Given the shape of the curve modeling the DJIA over the last several decades, it makes sense to use an exponential growth model for predictive purposes. Plug the year in for x to get the DJIA value.
y = (2 Ã— 10^(-101))e^(0.1206x)
Read more: https://www.letsrun.com/forum/flat_read.php?thread=5369837&page=737#ixzz4N50pv9qh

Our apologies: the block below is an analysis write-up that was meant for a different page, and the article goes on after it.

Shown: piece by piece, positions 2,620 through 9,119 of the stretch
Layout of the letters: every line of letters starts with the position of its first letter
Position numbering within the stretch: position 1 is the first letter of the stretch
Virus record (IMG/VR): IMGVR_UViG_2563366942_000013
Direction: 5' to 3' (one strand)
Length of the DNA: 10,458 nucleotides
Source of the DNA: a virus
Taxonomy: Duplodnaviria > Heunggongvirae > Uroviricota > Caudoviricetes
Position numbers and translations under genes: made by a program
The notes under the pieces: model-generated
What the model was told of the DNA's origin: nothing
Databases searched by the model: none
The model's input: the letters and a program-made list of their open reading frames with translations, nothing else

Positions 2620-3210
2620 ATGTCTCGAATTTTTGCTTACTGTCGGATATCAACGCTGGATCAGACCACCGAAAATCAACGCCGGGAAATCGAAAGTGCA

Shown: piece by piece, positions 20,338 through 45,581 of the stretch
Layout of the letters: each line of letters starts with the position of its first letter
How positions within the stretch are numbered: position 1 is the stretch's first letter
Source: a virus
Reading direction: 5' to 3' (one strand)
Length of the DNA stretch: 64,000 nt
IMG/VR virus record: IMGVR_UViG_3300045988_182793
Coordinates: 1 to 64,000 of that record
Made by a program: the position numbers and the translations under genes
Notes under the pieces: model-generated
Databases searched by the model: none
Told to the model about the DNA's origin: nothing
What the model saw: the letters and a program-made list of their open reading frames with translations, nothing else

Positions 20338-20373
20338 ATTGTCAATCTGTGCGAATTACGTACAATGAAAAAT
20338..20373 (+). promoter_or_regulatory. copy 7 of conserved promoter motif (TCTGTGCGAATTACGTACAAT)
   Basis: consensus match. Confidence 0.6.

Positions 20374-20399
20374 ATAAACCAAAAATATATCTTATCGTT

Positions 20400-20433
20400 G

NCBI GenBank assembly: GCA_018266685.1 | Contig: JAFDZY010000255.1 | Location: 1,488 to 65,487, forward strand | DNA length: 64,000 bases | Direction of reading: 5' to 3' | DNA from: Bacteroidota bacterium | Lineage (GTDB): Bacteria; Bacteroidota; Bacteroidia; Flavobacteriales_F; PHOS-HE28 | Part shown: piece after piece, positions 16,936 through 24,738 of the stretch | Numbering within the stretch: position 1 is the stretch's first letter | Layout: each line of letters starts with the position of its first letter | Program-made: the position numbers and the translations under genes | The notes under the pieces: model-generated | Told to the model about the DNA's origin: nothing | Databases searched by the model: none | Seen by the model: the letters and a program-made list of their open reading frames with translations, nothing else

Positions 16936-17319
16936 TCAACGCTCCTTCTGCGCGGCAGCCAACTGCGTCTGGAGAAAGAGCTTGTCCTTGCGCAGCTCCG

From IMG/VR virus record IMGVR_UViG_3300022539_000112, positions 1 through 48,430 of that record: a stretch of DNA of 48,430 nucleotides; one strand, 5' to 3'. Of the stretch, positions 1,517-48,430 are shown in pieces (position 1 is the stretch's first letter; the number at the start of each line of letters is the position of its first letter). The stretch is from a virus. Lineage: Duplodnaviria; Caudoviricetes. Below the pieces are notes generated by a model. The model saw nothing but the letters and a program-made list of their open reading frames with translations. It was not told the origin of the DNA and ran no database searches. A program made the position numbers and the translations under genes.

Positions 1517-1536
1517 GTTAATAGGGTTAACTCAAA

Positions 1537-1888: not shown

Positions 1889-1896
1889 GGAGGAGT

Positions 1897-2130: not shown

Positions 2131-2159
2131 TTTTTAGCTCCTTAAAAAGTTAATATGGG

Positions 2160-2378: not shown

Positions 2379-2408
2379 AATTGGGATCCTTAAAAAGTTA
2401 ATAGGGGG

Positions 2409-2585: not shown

No this was the original question, and as I pointed out a weak model. Hussman's models uses more data, larger time frame, and has 93% predictability. I wouldn't say your's is totally worthless, but it can at least serve as a bad example. Last several decades, oh, is that two, perhaps three. OK, use 1930-1960?